Standard Active Last Updated: Aug 19, 2021
ASTM F1736-21

Standard Guide for Irradiation of Finfish and Aquatic Invertebrates Used as Food to Control Pathogens and Spoilage Microorganisms

Standard Guide for Irradiation of Finfish and Aquatic Invertebrates Used as Food to Control Pathogens and Spoilage Microorganisms
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Significance and Use

4.1 Absorbed doses of or below 1 kGy can inactivate some parasites, such as the broad fish tapeworm (Dibothrocephalus latus) (2).

4.2 Absorbed doses below 10 kGy can reduce or eliminate vegetative cells of pathogenic sporeforming and non-sporeforming microorganisms, such as Clostridium spp., Vibrio spp., Salmonellae, Listeria monocytogenes, or Staphylococcus aureus, that may be present in fresh or frozen product.

4.2.1 Absorbed doses below 10 kGy can reduce the numbers of some spores, but are not adequate to reduce the potential health risk from microbial spores or toxins (3).

4.3 Absorbed doses below 10 kGy can reduce or eliminate the vegetative cells of sporeforming and non-sporeforming microorganisms, such as Bacillus or Pseudomonas species, that cause spoilage of fresh product, thus extending refrigerated shelf life in many cases (4).


1.1 This guide outlines procedures and operations for the irradiation of raw, untreated, fresh (chilled), or frozen finfish and aquatic invertebrates, while ensuring that the irradiated product is safe and wholesome.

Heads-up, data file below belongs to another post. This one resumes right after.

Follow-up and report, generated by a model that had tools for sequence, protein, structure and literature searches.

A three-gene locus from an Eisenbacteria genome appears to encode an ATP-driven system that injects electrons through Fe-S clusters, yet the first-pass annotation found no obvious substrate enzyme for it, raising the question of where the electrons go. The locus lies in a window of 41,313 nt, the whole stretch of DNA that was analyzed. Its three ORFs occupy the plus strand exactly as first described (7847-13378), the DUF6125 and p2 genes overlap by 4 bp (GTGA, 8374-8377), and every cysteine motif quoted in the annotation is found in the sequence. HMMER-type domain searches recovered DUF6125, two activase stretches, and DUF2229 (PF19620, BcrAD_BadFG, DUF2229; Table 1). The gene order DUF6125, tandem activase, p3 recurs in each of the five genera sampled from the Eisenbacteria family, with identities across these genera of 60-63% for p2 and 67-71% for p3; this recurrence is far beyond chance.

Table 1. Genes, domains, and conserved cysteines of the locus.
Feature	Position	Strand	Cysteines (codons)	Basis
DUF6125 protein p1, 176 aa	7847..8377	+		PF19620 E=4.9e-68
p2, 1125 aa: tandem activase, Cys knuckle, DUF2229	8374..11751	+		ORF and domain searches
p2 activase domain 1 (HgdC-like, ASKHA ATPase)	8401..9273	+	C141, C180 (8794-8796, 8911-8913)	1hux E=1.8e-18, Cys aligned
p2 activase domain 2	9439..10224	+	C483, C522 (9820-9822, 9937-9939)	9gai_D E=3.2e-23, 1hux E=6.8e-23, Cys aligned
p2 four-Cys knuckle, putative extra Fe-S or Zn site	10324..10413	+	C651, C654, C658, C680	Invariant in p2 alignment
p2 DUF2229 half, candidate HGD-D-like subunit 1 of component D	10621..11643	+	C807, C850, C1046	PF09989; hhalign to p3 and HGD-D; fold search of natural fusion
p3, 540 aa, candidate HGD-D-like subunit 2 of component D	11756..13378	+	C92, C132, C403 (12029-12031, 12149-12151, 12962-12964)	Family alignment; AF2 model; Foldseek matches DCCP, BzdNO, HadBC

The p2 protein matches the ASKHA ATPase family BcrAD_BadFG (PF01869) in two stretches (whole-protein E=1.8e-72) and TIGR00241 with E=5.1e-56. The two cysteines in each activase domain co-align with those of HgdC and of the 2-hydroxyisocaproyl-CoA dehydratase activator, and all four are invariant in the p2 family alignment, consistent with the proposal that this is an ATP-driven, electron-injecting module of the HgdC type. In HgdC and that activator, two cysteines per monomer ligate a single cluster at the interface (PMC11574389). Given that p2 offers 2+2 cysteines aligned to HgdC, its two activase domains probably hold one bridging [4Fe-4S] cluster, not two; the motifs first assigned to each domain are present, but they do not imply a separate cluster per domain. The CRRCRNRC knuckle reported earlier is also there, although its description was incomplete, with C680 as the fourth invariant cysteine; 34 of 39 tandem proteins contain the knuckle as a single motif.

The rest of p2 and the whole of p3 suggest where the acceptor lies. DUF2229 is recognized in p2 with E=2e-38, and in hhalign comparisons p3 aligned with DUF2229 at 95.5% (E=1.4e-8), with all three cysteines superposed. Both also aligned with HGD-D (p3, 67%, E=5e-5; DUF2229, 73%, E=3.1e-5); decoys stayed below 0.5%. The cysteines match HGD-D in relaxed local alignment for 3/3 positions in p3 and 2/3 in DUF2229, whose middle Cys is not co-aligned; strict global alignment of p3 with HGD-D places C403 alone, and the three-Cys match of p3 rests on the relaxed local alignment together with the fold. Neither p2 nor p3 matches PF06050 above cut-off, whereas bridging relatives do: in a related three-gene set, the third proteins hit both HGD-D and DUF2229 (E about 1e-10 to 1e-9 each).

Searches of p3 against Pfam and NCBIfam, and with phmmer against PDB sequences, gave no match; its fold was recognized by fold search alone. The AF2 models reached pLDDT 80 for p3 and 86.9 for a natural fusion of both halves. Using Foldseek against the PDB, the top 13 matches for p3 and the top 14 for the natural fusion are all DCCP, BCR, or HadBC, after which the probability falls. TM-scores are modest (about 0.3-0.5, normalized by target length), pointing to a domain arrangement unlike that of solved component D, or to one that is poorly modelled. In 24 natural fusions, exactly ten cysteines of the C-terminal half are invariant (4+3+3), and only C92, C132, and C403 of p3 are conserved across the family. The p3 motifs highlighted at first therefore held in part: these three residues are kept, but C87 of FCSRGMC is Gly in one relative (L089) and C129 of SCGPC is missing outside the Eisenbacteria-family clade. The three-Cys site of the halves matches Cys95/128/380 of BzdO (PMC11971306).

1.1.1 Aquatic invertebrates include mollusks, crustacea, echinoderms, etc. Mollusks include bivalve shellfish, such as clams, mussels, and oysters; snails; and cephalopods, such as squid and octopus. Crustacea include shellfish such as shrimp, lobster, crabs, prawns and crayfish. Echinoderms include sea urchins and sea cucumbers.

1.2 This guide covers absorbed doses used to reduce the microbial and parasite populations in aquatic invertebrates and finfish. Such doses typically are below 10 kGy (1).2

1.2.1 This guide covers gamma, electron beam, and X-radiation treatment.

1.3 The use of reduced-oxygen packaging (vacuum or modified atmosphere, and including products packed in oil) with irradiated, raw product is not covered by this guide. The anaerobic environment created by reduced-oxygen packaging provides the potential for outgrowth of, and toxin production from, Clostridium botulinum spores.

1.4 This guide does not cover the irradiation of smoked or dried fish to reduce microbial load or to control insect infestation.

1.5 The values stated in SI units are to be regarded as standard. No other units of measurement are included in this standard.

1.6 This document is one of a set of standards that provides recommendations for properly implementing and utilizing radiation processing. It is intended to be read in conjunction with ISO/ASTM Practice 52628.

1.7 This standard does not purport to address all of the safety concerns, if any, associated with its use. It is the responsibility of the user of this standard to establish appropriate safety, health, and environmental practices and determine the applicability of regulatory limitations prior to use.

1.8 This international standard was developed in accordance with internationally recognized principles on standardization established in the Decision on Principles for the Development of International Standards, Guides and Recommendations issued by the World Trade Organization Technical Barriers to Trade (TBT) Committee.

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Book of Standards Volume: 12.02
Developed by Subcommittee: E61.05
Pages: 7
DOI: 10.1520/F1736-21
ICS Code: 67.120.30